I often hear people say that the greatest gift you could give your child is a sibling, but I’ve also heard that children without siblings rarely suffer from the “sibling issues” that so many of us have (*raises hand*). But ready or not, here he comes! We’re doing our best to lay the groundwork for her (and us) so that this transition is as smooth as it can be. Yes, we got her all the books despite knowing that they probably won’t make the biggest impact, and we talk ad nauseam about how mama and daddy will be spending a lot of time with the baby and how that might make her feel.
Because over-preparing is in my blood (despite knowing it doesn’t always work), I also reached out to a childhood development expert I know and asked her for advice on how to cope. Her approach seemed not only practical, but actually doable. She said, devote 10 to 15 minutes of uninterrupted, one-on-one playtime with my daughter every single day and call it “our special time.” She explained that it was important to let my daughter pick the activity, to give her really specific compliments about how she played the activity (i.e. “I really like that you worked so hard to figure out where the cow puzzle piece went”) and then, when the time is up, remind her that we’ll have “special time” again the next day and “I can’t wait to see what activity you pick for us to play!”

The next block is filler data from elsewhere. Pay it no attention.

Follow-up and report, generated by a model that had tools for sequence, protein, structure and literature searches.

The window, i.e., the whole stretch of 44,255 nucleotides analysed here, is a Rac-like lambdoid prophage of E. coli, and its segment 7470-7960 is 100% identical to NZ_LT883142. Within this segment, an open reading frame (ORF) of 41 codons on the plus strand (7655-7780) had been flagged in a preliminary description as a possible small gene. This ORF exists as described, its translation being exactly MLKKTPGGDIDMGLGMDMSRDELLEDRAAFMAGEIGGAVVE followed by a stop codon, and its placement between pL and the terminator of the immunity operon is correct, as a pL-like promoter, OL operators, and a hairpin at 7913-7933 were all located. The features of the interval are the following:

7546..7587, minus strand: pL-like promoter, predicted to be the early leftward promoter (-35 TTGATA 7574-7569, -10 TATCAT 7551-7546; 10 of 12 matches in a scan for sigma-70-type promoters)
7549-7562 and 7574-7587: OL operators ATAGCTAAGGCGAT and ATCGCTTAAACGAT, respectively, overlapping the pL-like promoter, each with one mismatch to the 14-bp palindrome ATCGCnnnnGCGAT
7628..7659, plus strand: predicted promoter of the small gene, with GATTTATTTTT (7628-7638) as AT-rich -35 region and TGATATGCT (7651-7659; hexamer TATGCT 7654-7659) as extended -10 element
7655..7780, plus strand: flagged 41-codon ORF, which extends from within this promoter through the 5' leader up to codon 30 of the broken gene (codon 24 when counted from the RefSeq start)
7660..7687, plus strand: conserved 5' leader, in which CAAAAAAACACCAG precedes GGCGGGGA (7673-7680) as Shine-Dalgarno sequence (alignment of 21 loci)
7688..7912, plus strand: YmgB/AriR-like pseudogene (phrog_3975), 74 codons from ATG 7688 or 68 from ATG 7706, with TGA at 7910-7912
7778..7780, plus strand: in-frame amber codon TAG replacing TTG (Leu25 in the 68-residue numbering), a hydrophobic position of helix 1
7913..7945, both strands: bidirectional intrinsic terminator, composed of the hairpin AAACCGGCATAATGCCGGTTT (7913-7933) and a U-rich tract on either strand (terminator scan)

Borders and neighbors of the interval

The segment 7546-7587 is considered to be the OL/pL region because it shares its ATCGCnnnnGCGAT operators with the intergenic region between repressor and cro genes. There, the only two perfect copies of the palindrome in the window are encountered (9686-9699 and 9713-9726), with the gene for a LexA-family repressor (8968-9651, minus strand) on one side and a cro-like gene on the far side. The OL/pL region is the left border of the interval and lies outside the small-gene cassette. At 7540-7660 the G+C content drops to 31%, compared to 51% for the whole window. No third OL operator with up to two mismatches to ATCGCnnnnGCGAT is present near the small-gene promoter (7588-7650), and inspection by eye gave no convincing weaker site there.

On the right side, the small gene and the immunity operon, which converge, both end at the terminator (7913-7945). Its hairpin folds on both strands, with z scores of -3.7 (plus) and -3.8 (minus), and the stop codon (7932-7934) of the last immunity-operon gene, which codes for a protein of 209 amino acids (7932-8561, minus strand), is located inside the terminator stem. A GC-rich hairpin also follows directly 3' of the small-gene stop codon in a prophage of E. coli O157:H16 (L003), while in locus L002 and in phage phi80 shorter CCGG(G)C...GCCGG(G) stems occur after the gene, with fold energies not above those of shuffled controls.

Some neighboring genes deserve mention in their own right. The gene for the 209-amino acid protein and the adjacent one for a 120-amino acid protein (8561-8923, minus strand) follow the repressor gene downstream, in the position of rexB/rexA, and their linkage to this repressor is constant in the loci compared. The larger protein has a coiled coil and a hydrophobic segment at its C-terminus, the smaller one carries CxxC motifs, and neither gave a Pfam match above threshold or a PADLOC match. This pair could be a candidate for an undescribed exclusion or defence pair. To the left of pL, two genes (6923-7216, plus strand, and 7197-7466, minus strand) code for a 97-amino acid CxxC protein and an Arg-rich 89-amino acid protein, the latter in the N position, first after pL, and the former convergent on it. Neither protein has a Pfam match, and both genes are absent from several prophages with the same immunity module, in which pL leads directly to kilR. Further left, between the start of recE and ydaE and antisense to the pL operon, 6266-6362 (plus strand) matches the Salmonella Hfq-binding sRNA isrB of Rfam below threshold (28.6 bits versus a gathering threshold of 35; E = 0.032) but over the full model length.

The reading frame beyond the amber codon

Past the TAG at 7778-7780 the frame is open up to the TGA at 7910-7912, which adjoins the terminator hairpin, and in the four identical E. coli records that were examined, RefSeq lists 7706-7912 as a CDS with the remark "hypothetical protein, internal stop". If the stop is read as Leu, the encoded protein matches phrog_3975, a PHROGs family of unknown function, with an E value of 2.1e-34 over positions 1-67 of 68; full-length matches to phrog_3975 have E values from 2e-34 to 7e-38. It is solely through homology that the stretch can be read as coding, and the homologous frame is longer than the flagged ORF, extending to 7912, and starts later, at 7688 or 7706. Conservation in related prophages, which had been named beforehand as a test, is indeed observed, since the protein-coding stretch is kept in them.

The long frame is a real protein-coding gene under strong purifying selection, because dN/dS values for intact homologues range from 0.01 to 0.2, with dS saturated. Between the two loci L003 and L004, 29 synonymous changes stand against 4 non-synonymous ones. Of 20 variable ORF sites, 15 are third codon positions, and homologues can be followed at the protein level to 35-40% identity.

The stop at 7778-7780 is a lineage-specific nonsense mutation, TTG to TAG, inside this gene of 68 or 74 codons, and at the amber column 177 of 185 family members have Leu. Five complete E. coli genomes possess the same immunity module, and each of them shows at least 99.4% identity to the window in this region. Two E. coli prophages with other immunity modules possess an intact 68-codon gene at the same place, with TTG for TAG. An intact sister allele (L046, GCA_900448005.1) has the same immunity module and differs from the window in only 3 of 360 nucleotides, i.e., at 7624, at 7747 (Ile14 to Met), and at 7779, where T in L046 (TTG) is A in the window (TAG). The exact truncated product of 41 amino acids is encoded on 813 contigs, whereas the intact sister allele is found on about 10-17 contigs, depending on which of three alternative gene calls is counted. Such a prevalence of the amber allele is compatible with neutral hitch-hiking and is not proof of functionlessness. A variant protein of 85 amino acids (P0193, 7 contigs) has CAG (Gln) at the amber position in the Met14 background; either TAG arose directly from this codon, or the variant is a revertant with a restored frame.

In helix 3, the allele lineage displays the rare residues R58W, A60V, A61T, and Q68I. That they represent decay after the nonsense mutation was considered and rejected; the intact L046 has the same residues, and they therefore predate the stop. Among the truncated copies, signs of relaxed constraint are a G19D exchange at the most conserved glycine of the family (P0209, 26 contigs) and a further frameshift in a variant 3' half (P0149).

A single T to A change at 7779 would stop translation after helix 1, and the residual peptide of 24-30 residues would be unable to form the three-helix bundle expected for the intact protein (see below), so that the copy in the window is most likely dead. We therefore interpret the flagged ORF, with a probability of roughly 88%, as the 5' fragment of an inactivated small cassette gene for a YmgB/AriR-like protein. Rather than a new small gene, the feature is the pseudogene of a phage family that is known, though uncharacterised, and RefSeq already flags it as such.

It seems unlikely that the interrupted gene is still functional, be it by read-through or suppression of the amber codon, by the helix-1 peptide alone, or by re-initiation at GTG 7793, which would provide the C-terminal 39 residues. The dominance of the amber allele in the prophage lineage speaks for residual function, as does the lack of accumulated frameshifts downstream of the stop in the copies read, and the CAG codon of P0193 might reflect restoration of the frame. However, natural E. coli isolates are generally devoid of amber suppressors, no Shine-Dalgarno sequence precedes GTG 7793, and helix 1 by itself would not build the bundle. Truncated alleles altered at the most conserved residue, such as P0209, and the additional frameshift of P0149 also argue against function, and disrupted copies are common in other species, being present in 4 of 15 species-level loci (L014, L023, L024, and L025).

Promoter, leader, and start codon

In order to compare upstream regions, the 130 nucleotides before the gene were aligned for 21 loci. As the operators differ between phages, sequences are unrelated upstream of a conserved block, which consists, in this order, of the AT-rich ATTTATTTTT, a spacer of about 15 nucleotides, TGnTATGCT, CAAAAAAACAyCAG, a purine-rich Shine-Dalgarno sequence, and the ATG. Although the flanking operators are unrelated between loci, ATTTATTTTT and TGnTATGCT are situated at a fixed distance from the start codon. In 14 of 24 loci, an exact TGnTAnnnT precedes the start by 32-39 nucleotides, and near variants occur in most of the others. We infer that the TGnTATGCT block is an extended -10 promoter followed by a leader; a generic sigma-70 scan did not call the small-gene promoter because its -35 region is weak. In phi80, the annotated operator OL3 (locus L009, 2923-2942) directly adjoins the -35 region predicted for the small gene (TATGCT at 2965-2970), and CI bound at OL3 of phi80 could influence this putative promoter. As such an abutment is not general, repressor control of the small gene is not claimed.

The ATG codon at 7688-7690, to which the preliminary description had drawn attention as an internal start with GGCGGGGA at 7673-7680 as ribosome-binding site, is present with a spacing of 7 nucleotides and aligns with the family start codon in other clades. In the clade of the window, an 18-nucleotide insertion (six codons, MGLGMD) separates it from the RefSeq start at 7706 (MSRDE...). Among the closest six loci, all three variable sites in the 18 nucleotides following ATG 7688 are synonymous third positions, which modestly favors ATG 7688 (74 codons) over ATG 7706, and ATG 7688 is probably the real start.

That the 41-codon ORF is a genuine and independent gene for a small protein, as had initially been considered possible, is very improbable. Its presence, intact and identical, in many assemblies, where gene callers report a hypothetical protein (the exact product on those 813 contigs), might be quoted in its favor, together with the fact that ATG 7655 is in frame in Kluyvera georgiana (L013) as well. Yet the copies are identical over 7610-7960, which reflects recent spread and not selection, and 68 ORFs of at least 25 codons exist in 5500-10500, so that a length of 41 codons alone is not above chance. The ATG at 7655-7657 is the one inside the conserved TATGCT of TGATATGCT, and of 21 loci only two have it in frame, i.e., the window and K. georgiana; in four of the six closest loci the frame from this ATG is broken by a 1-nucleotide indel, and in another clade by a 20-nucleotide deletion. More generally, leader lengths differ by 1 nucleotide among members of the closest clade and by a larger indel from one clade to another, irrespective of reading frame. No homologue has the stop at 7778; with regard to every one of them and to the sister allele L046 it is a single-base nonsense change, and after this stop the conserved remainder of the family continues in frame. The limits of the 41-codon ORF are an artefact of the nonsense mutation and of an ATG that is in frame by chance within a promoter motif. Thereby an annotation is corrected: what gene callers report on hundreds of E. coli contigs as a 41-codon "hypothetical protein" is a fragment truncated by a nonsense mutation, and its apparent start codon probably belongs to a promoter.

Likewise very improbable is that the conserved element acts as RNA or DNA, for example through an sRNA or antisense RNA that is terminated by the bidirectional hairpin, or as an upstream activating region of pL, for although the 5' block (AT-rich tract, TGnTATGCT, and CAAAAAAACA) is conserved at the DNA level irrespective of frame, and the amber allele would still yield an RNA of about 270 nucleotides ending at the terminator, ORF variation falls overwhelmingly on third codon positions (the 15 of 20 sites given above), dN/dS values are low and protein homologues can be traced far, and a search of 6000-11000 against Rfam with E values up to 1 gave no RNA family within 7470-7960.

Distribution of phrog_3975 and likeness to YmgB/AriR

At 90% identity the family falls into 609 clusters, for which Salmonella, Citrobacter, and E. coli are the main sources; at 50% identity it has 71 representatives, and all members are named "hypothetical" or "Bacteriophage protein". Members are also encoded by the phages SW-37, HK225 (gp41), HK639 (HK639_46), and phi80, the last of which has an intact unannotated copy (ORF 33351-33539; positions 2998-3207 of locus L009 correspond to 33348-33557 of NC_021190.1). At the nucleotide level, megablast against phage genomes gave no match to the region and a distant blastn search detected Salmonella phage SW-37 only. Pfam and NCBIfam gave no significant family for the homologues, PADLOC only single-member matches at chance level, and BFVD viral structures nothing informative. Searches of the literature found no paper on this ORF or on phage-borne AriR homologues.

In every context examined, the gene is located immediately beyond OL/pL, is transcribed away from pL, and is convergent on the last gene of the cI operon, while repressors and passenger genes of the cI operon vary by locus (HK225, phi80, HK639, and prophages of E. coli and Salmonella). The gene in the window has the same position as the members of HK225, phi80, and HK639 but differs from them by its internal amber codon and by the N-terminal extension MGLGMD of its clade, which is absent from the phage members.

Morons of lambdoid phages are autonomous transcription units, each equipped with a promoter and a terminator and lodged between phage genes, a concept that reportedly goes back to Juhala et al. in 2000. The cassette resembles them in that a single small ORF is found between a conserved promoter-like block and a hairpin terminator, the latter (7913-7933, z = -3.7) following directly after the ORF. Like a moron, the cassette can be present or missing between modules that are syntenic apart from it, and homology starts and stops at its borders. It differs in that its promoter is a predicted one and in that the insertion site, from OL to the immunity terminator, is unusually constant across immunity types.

It seems simple enough, although finding 10 to 15 uninterrupted minutes when there’s a newborn in the house is like stumbling on a four-leaf clover, but I think it’s important to make that time not just for her, but for me. I have to admit, I’m going to miss how much time she and I have together now. She’s my best friend, and I don’t want her to feel like anyone is taking her place. If I’m being honest, I’d much rather be taking her to the beach or watching her at soccer class than sitting at home breastfeeding and sterilizing pump parts. I also know that I had ZERO idea how much I would love my daughter until she was born, and that I will feel the exact same way when my son is born.
Ultimately, I know that she’ll meet this change like the ones before: it will be difficult, but it will teach her resilience, flexibility and just how much love you can have for someone other than yourself. We’re so lucky that this little man will be a part of our family and I know our daughter’s going to be an incredible big sister. I also know that she’s going to torture him every single day until he’s big enough to turn the tables and begin to torture her…because, ultimately, that’s what siblings are for.
Leslie Bruce is a #1 New York Times bestselling author and an award-winning entertainment journalist. She launched her parenting platform Unpacified as a place for like-minded women to come together on relatable ground, no matter how shaky, to discuss motherhood through an unfiltered, judgment-free lens of honesty and humor. Her motto is: ‘Being a mom is everything, but it’s not all there is.’ Leslie lives in Laguna Beach, California with her husband, Yashaar, their 3-year-old daughter, Tallulah, and looks forward to welcoming a baby boy this spring.
Published May 2018